Eagles film breakdown: The good Jalen Mills and Ronald Darby
Jalen Mills and Ronald Darby have been harshly criticized, but the Eagles cornerbacks have obvious value, particularly in the red zone.
The Eagles have the No. 1 red-zone defense in the NFL. They've allowed just eight touchdowns on 23 possessions inside the 20 through six games. Overall, the Eagles have surrendered 27 plays of 20 yards or longer, significantly more per game (4.5) than last season (3.1). But they've clamped down in the red zone, and have given up a lower percentage (34.8) of touchdowns than in 2017 (55.2).
The season is far from over, but Jalen Mills and Ronald Darby have been instrumental in the Eagles' red zone success. Opposing offenses have thrown 51 passes inside the 20, and have targeted the outside cornerbacks 22 times. Mills and Darby have allowed just six completions and two touchdowns, and have broken up a combined 11 passes.
"Both guys have just proven it over and over again that down there is critical," Eagles coach Doug Pederson said, "and they've both come up making plays already this season."
The corners have struggled in other areas. Mills has been susceptible to double moves and the deep ball. Darby has given up his share through the air, as well, and didn't tackle well for a stretch.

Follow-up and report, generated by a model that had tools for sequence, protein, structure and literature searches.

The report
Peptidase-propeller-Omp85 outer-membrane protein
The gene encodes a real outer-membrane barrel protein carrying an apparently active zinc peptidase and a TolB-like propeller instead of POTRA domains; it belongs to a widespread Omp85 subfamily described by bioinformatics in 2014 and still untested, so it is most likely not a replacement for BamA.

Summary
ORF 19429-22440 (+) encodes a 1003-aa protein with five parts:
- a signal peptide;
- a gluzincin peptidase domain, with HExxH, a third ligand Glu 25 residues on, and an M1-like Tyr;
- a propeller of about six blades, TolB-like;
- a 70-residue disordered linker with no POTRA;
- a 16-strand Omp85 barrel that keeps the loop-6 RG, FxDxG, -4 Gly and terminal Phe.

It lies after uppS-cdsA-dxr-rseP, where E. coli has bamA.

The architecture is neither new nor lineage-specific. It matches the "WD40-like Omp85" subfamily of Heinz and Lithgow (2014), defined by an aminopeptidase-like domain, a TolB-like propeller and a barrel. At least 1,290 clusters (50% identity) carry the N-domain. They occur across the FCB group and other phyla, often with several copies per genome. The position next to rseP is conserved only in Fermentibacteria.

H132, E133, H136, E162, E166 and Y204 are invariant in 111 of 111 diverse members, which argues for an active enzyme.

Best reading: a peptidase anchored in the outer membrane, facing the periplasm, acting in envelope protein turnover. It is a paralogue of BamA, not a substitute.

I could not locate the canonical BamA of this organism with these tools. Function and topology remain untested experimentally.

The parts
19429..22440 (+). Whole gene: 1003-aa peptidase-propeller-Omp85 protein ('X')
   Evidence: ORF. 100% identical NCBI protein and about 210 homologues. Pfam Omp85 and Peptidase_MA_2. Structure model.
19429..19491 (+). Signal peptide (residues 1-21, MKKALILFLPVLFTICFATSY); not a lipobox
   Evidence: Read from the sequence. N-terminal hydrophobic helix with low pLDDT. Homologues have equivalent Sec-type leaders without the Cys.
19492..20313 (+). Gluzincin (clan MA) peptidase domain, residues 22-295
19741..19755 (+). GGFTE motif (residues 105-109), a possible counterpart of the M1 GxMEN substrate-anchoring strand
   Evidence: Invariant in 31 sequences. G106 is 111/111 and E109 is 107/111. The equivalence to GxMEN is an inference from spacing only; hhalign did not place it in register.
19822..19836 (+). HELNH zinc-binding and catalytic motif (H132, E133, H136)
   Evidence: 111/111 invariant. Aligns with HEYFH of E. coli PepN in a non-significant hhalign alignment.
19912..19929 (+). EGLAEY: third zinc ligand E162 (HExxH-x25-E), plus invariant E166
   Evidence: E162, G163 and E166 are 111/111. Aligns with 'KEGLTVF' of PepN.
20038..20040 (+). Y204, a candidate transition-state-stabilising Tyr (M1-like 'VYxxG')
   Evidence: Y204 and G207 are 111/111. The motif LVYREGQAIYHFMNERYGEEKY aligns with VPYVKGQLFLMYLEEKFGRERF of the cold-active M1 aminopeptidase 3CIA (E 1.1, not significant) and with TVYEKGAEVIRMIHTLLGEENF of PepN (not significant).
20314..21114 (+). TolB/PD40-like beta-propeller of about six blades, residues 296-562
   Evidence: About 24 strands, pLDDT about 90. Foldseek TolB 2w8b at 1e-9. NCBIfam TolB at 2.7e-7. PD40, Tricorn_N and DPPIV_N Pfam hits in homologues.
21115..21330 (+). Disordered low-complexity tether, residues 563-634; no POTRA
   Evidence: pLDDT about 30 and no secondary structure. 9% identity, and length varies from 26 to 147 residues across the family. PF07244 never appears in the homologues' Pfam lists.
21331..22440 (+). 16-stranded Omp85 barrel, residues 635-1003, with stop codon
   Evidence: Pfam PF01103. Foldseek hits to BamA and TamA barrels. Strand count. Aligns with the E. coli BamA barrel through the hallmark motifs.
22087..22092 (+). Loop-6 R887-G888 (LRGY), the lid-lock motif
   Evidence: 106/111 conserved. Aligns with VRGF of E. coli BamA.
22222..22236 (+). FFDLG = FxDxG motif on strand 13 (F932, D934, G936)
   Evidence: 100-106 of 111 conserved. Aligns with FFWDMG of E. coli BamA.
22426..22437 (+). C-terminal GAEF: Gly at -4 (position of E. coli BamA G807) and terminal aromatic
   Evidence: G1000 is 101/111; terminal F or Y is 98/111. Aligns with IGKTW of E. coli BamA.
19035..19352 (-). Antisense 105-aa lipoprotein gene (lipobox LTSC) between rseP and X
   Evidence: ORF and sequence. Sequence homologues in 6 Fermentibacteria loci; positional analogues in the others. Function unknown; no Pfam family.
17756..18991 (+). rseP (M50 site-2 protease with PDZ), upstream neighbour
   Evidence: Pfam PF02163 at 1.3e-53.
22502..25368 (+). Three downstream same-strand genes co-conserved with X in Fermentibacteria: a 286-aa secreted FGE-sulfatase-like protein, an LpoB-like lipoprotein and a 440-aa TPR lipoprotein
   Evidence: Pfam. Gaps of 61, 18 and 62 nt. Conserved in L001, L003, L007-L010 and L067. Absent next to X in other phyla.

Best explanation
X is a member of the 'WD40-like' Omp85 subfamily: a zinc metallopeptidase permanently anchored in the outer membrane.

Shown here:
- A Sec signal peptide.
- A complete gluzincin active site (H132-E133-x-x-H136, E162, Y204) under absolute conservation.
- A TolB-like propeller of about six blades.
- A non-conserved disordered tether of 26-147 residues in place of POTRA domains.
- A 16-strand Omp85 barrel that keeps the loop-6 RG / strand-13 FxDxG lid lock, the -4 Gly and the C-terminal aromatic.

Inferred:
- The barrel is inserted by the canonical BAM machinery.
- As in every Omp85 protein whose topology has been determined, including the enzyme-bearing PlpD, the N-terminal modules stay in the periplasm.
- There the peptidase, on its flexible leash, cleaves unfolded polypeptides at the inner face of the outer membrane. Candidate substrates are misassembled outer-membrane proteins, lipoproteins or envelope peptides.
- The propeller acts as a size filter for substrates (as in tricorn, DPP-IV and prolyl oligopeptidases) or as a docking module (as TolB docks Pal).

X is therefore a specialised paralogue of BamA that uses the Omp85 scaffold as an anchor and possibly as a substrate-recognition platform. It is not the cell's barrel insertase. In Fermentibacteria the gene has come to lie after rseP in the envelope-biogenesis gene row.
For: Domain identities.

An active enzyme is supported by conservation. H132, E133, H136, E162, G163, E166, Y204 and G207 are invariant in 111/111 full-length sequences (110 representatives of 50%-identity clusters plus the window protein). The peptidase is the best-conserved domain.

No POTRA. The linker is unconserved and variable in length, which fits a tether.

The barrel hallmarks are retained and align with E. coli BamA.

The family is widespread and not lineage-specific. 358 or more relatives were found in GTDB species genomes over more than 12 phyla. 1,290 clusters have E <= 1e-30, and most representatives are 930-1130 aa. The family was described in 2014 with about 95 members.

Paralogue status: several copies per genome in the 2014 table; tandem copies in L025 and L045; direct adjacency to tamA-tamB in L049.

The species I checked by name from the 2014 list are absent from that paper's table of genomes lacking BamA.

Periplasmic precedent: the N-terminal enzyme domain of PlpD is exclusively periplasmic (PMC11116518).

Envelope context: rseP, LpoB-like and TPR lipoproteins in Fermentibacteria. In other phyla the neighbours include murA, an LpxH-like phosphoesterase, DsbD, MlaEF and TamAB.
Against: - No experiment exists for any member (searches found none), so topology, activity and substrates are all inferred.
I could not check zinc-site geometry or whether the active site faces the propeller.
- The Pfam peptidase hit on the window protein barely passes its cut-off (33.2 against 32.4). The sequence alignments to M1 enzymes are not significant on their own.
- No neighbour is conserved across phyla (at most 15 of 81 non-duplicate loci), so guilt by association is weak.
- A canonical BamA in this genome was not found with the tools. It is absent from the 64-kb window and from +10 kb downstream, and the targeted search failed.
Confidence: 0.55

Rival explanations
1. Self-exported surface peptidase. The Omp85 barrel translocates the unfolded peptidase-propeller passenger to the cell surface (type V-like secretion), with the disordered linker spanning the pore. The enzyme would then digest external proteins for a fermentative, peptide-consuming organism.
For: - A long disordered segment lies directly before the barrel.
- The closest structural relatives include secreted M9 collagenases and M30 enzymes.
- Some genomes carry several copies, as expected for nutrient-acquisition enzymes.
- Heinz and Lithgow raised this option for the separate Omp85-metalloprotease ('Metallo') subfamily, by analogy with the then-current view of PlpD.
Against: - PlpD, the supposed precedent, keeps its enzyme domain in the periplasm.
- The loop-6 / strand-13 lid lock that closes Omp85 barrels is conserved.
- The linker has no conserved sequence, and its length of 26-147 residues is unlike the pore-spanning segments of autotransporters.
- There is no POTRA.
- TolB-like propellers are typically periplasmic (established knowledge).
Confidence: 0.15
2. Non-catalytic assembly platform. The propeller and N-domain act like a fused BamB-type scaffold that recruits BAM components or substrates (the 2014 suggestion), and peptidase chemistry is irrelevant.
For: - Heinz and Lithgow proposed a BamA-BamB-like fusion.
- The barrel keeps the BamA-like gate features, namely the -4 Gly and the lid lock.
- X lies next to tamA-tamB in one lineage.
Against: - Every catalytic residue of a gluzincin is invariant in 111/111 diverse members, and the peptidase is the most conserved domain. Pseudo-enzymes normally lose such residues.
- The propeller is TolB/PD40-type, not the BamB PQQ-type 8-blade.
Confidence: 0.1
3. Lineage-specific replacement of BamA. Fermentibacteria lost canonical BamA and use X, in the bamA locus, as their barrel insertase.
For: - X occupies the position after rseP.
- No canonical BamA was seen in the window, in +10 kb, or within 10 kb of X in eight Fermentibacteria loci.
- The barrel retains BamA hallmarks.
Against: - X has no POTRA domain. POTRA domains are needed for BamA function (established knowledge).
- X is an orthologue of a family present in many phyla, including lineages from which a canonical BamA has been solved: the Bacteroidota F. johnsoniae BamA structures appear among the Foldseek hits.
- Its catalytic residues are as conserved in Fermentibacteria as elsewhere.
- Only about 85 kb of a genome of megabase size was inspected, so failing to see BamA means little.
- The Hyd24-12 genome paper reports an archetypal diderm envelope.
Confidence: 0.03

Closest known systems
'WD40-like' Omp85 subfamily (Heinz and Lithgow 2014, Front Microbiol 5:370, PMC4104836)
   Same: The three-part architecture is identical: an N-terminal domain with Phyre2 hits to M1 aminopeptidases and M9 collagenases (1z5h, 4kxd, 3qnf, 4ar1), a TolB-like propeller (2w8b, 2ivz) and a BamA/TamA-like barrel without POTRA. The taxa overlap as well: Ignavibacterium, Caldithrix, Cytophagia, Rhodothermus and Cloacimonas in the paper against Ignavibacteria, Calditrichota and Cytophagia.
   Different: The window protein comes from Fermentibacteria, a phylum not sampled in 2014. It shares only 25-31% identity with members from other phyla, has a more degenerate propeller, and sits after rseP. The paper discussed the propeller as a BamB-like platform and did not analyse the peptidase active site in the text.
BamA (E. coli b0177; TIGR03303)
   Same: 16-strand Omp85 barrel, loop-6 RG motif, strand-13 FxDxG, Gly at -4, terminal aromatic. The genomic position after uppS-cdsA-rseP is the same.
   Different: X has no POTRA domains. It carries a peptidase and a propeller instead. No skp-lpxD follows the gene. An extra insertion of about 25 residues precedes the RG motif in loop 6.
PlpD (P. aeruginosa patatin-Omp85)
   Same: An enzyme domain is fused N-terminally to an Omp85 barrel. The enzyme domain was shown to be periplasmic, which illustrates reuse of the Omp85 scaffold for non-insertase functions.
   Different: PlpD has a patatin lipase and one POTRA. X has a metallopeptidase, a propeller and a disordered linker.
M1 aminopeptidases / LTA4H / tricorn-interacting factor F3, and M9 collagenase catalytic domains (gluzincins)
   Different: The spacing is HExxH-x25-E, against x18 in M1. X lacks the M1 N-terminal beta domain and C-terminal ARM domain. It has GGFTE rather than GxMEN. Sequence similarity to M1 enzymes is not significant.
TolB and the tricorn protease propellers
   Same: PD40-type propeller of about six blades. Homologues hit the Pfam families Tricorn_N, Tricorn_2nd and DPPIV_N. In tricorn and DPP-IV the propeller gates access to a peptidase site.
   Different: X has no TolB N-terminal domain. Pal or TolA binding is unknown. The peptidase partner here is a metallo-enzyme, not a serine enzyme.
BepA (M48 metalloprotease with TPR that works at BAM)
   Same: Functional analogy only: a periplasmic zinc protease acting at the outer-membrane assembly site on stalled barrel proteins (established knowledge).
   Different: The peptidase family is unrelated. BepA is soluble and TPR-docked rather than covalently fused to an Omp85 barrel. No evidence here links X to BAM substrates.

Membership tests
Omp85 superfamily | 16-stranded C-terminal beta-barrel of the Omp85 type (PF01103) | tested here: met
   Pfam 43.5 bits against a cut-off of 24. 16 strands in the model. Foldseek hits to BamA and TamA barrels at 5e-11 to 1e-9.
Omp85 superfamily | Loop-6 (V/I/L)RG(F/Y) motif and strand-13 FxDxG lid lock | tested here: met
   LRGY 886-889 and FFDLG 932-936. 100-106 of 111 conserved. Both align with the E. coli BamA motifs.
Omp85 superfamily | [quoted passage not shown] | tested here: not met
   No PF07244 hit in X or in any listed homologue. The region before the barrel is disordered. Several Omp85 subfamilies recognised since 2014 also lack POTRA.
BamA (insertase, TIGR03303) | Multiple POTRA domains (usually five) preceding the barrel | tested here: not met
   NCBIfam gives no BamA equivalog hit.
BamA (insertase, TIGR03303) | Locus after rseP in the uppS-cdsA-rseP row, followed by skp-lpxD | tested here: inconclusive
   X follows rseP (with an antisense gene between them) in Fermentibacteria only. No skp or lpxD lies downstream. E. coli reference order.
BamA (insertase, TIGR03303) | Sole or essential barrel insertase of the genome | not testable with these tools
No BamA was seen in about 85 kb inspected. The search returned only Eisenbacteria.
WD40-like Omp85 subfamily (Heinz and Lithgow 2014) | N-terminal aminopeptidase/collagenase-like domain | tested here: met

But there may not be a more thankless job in the NFL. Quarterbacks are the stars and the league will do as much as they can to protect them and feature the passing game. Scoring is up and so are TV ratings.
"When you play corner in this league," Eagles defensive backs coach Cory Undlin said, "it's kind of the cost of doing business."
Some want Mills or Darby benched. They want the Eagles to trade for a cornerback. They wanted Mills, at least, to move into the slot when safety Rodney McLeod was sidelined.
But Jim Schwartz has stood adamantly in Mills and Darby's corner, and when slot Sidney Jones left Thursday's game against the New York Giants with a hamstring injury, the defensive coordinator kept both on the outside. Avonte Maddox moved from free safety into the slot and cornerback Rasul Douglas came off the bench to replace Maddox.